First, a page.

G-Man didn’t want a birthday party this year, instead he wanted to visit the Making of Harry Potter Warner Bros. Studio Tour, in Leavesdon, just outside London. So we took him and one friend along for a magical day out in January 2017. As it was his birthday treat, and as we knew beforehand that everything there would be exorbitantly expensive, I put together a Harry Potter party bag for the boys to supplement their pocket money purchases in the tour’s shop. There are tonnes of ideas for Potter gifts on the internet, and not only was it great fun to do (and a big hit with the kids) it also saved us a whole heap of pennies.
If you’re planning a trip yourself, or are lucky enough to be hosting a full-on Potter Party at home, have a look at our DIY wizard treats for a little Hogwarts-style inspiration!
Yes, it’s a letter from Hogwarts just like the one Harry receives at the beginning of ‘The Philosopher’s Stone’. Not the most original idea, but the kids loved receiving these so why mess with a classic! I did however take a few liberties with the text since our guys, at seven, are too young to officially start at Hogwarts… so their letters instead were to offer them a place at the “Hogwarts Open Day for Prospective Students”, which included, of course, a tour of the school and grounds.
Along with the letter were complementary travel tickets (Hogwarts Express to Watford Junction, then the Knightbus to the Studio/Hogwarts itself). Also in with their letters was an itinerary of the day, to give the other parents an idea on timings.
I put together the letters and contents using photoshop and various images and templates found online – see the links list for my sources!
Letter Links List:
- Hogwarts Logo
- Hogwarts Letter Font – Hogwarts Wizard
- Owl Post Stamp
- Hogsmeade Postmark
- Hogwarts Express Ticket
- Hogwarts Express Ticket Font – Bodoni 72 (this one’s not a free font)
- Knight Bus Ticket
Hogwarts School Scarves
Since I’m a terrible knitter, I took the easy route and bought a couple of cheap Hogwarts-esque scarves from Amazon. After wrapping them in brown paper (thank you, Amazon packaging) and string, I stuck on a Madam Malkin’s Robes for All Occasions label, along with a ‘Hogwarts School Scarf – Gryffindor’ tag. These weren’t actually in their Harry Potter party bag. The boys got these before we went and were absolutely thrilled – they wore them pretty much all day!
Having a summertime party / visit? Instead of scarves, you could go with school ties and badges instead…
Scarf Links List:
- Madam Malkin LogoHogwarts School Scarf Tag Font – Aquiline Two
- (affiliate link) Striped Scarf from Amazon – this one is dirt cheap and comes in all of the different house colours!
- (affiliate link)Hogwarts school tie – also dirt cheap and in all of the house colours too!
- (affiliate link)Hogwarts embroidered patches – iron on, and in a huge range of choices, including the different Hogwarts houses but also things like the Triwizard Tournament and the Order of the Phoenix or Deatheaters… whichever rocks their boat!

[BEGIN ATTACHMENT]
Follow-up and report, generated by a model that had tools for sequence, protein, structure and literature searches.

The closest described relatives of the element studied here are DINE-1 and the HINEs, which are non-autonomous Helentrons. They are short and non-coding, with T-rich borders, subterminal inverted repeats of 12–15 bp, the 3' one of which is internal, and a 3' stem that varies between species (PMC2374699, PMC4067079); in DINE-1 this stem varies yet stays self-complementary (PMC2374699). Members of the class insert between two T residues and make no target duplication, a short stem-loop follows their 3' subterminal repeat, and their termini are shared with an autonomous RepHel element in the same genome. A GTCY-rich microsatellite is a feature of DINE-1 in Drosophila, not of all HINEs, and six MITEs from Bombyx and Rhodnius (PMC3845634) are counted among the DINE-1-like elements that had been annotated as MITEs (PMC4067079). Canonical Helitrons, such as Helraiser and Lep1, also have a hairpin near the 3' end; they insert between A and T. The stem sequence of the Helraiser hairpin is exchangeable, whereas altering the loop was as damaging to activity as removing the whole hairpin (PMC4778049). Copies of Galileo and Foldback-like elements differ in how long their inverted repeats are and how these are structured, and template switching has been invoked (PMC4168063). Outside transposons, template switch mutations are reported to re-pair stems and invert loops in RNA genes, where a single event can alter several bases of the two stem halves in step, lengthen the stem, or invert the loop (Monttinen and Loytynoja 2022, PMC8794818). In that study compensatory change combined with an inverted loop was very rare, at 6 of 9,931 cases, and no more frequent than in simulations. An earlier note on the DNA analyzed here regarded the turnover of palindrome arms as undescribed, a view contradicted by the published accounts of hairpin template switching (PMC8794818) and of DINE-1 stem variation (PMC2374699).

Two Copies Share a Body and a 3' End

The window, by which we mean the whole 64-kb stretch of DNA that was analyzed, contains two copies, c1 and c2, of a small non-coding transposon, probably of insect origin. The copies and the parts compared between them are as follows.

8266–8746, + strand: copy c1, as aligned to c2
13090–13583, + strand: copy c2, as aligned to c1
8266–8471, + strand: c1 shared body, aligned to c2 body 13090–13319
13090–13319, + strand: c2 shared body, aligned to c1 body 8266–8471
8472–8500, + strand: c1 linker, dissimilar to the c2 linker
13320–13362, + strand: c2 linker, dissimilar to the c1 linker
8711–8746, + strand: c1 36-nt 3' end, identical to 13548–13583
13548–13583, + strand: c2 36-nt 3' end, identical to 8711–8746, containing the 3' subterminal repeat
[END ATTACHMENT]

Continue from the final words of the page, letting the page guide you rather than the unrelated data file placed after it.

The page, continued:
Numero Uno on any Potter fan’s wishlist. Of course they had to have wands in their Harry Potter party bag, and as the wands at the tour were ridiculously expensive (£29 each!), I decided to try out the ubiquitous chopstick/glue gun tutorials that are all over Pinterest. For once, it really was that easy, and the wands look (in my humble opinion) amazing! Since I already had a glue gun, chopsticks and paint, they were also effectively free. The boys LOVED their wands, and they were quick, easy and fun to make.
Check out the links list below for the tutorial I found most helpful, though there a tons around. The only thing I would add is that for my kids – aged seven – normal sized chopsticks were just the right length. I didn’t bother to get the longer chopsticks (used for cooking) that many of the instructions out there describe, so if you can’t get hold of these, don’t stress. In fact you don’t even need chopsticks at all – a sturdy twig from the garden would work even better and would give you lovely, unique textures and shapes to work with. You can add beads, string or even dried pasta to give extra length, shapes and texture to the wands if you want – they’ll get covered in glue and paint so anything goes.
I had some artists acrylic paint in a couple of shades of brown, so I used these as base coats over the glue. When they were dry, I used a dry brush to add highlights – cream and then silver on one wand, and red then gold on the other. I only used a tiny bit of the metallic paints, which were just bog-standard kiddie paints we had in our art cupboard – this worked fine, so I also wouldn’t go to any great expense to get special paint. I did use a (affiliate link) gloss spray sealant/varnish from my stash, which is a little pricey. You don’t have to do this step, just bear in mind that the paint will probably start to rub off eventually without it.